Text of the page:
Lately news from the U.S.-Mexican border has not been encouraging. The Border War there is entering a new phase as cartel operatives begin to operate extensively behind the front line: infiltrating American communities and posing new praxeological problems for the American response, let alone providing a new case for reframing canonical international relations analysis. Using war vocabulary terms like ‘border war,’ ‘front line,’ and ‘infiltrate’ is almost unavoidable in discussing the current situation along the southern frontier of the US and northern Mexico. Usually, the intersection of this vocabulary and criminal justice poses a problem in framing law enforcement as soldiers and criminals as enemies: a highly problematic dualism for civilian policing in a democracy. Combined with the increased militarization of the American police since 9/11, this vocabulary and trend is particularly odious. Nonetheless, the Cartels are a new enigma and their strategies, tactics, and behaviors are broad and significant enough that there is no suitable alternative to war vocabulary to describe their activities, especially given that their behavior approximates that of states. Indeed, the problem this new infiltration poses is that, contrary to past and artificial ‘War on’ framings in which the oppositional rhetoric damaged law enforcement efficacy, these infiltrating agents of foreign powers merit a war against them. Thus, they sit uncomfortably between the remit of the Justice Department and the Defense Department – a grey area in which spies and terrorists have only before threatened the United States, and in which the United States lacks an established response.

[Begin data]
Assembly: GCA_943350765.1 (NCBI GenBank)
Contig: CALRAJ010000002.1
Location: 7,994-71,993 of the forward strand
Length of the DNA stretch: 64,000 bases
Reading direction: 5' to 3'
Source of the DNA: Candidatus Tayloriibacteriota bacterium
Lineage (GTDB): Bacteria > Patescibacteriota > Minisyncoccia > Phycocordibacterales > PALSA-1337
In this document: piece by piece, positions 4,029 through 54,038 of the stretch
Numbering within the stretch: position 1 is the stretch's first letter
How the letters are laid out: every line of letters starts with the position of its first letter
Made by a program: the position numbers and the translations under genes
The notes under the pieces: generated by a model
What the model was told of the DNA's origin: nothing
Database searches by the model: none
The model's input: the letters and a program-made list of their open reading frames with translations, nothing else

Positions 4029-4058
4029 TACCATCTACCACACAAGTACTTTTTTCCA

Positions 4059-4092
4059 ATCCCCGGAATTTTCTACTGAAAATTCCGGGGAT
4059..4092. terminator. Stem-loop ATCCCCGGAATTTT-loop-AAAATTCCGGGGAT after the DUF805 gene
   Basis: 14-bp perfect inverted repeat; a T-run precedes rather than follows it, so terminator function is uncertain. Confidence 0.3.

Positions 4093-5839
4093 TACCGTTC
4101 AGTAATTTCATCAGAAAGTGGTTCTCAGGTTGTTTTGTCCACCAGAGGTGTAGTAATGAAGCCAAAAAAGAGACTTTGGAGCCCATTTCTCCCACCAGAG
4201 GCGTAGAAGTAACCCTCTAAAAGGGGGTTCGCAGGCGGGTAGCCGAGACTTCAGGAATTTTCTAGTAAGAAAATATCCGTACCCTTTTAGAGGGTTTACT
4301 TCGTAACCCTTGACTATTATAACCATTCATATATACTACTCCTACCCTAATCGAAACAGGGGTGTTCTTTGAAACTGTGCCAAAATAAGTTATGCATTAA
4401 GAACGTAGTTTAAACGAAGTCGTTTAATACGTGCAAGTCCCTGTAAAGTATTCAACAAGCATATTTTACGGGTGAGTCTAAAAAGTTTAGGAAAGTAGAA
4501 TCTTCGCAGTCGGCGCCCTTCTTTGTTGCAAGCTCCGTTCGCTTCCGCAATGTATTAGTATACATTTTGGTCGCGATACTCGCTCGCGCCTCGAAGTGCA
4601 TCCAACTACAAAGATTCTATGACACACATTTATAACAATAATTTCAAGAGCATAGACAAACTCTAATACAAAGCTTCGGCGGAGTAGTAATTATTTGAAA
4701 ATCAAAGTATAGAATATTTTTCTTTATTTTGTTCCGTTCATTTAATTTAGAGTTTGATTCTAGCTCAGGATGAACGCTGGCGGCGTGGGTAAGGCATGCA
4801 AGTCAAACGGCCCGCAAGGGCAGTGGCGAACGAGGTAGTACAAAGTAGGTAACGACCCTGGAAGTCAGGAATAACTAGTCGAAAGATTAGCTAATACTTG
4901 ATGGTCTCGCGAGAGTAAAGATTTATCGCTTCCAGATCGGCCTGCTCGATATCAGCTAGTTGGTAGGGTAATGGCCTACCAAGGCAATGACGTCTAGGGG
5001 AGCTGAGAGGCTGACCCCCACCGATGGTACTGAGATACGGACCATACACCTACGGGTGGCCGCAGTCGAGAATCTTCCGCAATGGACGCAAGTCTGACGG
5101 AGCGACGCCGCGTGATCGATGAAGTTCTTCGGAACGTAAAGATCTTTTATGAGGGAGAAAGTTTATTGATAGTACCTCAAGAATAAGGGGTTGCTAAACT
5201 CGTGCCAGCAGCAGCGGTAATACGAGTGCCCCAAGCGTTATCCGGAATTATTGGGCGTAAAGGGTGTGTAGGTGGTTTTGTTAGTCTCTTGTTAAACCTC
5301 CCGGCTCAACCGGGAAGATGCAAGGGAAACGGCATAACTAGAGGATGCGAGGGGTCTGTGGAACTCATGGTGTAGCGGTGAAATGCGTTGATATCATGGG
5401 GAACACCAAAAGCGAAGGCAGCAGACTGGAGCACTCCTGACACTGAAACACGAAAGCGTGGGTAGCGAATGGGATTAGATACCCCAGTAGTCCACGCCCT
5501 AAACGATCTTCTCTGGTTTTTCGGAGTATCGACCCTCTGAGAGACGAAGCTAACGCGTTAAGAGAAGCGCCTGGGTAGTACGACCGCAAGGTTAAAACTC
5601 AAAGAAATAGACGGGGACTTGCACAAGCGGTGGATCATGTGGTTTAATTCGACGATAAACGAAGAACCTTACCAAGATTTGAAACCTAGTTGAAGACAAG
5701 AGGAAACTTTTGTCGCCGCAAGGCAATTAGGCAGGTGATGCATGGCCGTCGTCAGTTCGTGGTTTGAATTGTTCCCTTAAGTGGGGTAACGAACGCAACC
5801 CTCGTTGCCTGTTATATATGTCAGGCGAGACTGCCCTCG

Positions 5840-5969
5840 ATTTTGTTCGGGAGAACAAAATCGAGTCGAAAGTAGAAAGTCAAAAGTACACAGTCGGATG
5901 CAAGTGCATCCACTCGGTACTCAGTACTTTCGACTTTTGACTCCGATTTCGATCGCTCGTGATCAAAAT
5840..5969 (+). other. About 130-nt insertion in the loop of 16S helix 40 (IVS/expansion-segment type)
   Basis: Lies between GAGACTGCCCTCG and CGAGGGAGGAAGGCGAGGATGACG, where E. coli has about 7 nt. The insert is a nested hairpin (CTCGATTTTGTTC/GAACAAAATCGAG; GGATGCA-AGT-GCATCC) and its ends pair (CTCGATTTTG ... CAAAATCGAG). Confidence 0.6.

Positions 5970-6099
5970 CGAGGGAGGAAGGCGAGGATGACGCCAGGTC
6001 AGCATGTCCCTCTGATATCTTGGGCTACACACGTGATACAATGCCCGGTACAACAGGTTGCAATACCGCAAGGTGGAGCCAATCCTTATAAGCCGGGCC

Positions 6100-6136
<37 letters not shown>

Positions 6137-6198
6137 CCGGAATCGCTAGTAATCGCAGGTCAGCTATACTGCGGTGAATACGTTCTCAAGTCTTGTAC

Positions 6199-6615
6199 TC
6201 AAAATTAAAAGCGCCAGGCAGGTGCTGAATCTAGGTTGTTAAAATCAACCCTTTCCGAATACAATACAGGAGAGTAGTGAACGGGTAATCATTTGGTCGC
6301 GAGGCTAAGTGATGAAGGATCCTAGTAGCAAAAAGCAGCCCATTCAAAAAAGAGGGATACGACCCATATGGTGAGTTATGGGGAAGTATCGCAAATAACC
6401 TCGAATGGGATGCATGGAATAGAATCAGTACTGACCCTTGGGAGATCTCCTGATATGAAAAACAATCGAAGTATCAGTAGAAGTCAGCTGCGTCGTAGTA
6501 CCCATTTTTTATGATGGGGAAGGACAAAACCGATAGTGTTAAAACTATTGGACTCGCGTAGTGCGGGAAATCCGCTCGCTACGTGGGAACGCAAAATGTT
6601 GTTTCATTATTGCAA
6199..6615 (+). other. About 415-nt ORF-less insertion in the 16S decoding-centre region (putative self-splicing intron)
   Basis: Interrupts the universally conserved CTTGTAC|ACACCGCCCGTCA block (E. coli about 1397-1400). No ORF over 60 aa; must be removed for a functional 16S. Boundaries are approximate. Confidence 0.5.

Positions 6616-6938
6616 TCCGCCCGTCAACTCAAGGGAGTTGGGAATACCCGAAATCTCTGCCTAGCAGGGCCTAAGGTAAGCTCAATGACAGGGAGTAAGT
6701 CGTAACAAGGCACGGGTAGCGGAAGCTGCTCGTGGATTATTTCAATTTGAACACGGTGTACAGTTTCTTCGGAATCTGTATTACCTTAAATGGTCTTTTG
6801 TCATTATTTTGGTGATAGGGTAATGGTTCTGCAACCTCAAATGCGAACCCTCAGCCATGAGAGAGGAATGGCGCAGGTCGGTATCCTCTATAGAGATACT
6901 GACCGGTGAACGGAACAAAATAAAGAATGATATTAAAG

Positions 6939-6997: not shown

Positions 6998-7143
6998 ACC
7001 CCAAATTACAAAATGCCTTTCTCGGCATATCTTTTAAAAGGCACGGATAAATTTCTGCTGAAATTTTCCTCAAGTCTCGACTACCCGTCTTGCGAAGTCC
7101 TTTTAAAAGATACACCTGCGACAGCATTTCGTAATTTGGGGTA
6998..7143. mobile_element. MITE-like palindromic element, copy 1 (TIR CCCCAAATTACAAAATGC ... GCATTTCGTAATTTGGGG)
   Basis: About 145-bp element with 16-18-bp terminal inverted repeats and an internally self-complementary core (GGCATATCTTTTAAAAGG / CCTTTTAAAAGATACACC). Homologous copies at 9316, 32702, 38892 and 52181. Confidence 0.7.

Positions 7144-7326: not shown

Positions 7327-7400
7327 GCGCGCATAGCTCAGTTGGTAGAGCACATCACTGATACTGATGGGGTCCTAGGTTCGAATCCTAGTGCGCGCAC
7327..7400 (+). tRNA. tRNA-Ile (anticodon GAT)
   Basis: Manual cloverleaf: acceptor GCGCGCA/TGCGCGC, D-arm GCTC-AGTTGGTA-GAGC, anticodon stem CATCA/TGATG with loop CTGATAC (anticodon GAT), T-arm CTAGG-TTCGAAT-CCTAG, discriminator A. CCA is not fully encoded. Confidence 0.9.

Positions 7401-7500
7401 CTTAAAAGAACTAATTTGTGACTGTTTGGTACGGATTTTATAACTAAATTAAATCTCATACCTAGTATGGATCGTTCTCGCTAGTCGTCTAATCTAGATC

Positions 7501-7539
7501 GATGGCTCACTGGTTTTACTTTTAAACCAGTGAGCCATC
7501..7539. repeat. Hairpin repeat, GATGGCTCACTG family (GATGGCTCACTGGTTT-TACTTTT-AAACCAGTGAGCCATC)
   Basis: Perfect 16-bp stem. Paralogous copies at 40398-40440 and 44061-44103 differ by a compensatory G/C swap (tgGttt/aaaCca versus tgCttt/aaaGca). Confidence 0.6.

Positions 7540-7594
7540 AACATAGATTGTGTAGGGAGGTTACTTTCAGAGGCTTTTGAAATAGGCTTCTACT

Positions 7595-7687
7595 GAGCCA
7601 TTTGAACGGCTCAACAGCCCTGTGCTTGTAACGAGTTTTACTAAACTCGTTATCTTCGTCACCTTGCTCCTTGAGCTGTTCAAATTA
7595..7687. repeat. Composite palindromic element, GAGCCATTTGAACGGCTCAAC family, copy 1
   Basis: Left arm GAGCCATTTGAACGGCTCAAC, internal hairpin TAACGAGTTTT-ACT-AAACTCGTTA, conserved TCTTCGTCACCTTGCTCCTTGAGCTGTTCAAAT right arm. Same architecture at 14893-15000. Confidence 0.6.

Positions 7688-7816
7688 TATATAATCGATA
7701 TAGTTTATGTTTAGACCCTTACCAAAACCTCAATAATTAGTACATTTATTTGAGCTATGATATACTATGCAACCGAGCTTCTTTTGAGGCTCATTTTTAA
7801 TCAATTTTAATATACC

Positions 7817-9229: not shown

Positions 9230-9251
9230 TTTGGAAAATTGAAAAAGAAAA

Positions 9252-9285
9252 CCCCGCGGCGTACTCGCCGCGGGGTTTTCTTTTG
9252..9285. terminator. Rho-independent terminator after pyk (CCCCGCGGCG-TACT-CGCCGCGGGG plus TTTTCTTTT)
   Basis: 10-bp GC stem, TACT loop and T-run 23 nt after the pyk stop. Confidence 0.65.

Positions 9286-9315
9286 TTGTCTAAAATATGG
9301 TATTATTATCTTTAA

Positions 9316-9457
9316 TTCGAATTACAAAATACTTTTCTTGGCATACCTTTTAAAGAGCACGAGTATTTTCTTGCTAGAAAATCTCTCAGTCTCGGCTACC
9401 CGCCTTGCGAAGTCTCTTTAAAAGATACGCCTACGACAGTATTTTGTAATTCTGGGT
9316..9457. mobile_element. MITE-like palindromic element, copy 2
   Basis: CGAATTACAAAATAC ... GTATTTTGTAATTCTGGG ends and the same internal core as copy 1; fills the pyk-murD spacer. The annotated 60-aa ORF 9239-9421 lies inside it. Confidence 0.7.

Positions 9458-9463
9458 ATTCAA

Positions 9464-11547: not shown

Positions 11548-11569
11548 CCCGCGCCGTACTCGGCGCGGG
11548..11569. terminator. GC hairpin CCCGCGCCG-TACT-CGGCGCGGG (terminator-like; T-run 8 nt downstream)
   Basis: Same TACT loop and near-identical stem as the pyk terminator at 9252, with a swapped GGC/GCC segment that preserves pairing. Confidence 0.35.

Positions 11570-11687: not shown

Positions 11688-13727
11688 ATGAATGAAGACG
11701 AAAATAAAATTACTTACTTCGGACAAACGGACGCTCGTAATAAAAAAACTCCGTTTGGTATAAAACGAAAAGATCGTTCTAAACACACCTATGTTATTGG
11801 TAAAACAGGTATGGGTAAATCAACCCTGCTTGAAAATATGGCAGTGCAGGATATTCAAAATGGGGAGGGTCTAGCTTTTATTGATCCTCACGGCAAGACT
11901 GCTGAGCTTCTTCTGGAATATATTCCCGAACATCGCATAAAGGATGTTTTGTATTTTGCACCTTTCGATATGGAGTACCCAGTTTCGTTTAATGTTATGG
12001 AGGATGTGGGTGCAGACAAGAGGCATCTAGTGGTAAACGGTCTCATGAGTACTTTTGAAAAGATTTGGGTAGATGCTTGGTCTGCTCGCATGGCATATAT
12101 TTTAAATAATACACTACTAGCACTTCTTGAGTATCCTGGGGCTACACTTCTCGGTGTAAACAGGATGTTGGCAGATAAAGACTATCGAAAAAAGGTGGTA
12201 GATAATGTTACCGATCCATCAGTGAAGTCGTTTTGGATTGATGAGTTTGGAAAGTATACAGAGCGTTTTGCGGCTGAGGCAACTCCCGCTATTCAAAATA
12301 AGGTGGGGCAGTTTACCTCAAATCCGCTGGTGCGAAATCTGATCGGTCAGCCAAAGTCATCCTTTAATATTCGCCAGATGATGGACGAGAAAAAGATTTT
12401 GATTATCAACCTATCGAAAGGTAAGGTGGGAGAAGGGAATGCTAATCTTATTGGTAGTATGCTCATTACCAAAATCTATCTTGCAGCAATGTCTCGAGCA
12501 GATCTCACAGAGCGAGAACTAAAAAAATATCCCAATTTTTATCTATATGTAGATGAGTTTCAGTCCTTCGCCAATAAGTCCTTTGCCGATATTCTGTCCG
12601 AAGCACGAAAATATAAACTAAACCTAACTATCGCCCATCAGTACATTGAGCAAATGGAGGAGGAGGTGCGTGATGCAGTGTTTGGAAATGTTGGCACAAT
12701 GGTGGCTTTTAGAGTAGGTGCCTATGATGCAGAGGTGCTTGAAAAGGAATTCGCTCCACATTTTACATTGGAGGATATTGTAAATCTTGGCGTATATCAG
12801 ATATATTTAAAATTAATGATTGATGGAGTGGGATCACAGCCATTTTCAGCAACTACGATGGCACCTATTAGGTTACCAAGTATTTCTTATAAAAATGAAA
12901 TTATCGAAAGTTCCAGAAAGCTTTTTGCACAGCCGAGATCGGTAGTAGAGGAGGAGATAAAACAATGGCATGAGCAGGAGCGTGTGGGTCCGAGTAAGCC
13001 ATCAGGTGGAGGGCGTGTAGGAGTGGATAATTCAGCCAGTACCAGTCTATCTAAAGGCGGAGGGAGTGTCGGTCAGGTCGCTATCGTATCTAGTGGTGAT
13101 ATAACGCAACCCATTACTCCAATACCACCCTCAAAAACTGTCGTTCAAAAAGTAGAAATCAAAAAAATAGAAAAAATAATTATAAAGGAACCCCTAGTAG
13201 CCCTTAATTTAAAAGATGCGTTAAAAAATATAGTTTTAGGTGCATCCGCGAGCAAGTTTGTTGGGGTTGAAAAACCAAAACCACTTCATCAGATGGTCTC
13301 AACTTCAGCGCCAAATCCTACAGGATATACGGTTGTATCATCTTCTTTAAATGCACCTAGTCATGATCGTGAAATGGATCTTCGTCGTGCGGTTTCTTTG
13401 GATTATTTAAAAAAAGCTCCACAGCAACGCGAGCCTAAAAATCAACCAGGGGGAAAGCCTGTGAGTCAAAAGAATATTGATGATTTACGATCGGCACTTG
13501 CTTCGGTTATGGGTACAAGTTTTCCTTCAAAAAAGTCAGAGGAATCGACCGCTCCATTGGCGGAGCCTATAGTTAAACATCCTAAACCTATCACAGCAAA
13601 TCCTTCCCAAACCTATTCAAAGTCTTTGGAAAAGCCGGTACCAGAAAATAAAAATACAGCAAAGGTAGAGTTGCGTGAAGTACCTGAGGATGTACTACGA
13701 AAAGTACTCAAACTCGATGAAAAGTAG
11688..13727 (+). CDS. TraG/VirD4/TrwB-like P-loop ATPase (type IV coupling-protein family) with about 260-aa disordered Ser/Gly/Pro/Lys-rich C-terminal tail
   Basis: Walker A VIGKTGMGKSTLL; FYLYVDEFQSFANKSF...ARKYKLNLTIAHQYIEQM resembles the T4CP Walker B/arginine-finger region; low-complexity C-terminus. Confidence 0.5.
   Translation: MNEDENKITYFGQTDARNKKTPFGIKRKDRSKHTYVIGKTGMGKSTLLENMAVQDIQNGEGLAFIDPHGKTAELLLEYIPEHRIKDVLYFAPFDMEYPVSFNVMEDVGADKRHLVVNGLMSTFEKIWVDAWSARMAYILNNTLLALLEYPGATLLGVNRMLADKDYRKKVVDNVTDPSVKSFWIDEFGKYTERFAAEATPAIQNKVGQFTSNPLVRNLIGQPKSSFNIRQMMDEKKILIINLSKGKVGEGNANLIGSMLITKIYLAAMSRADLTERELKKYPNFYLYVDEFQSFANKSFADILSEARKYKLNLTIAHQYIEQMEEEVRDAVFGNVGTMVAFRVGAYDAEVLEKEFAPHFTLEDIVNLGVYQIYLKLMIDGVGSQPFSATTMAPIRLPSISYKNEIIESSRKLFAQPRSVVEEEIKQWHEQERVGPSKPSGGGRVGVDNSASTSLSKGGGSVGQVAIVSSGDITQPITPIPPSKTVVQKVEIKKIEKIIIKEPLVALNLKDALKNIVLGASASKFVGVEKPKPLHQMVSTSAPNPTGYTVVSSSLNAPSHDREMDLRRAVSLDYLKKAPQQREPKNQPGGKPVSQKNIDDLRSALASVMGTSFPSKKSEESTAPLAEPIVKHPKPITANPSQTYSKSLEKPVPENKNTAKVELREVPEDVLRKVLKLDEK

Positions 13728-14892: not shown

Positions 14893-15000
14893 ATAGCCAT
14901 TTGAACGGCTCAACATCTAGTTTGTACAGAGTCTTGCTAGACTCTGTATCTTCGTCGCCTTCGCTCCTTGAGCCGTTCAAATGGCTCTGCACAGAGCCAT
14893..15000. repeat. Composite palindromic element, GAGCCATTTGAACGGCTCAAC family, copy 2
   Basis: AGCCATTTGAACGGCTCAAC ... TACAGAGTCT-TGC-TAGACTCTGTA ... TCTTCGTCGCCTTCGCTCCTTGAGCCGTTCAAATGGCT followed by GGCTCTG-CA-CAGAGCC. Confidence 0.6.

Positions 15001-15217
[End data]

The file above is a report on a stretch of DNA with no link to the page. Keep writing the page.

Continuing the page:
Image courtesy of Christus Vincit, © 2013, some rights reserved.
Image courtesy of Christus Vincit, © 2013, some rights reserved.

According to the Associated Press, operatives working directly for Mexican cartels have increasingly infiltrated American cities. This is a strategic shift from relying on local gangs for the transport, storage, and distribution of narcotics. Direct cartel presence has so far been found in 1200 American communities. Representing the significant expanse of the cartels far from the border, Chicago’s ‘Public Enemy Number One,’ a title once held by Al Capone is a Mexican cartel leader named Joaquin “El Chapo” Guzman, even though he has never been in Chicago. He earned this distinction because he leads the Sinaloa cartel that supplies Chicago’s narcotics market.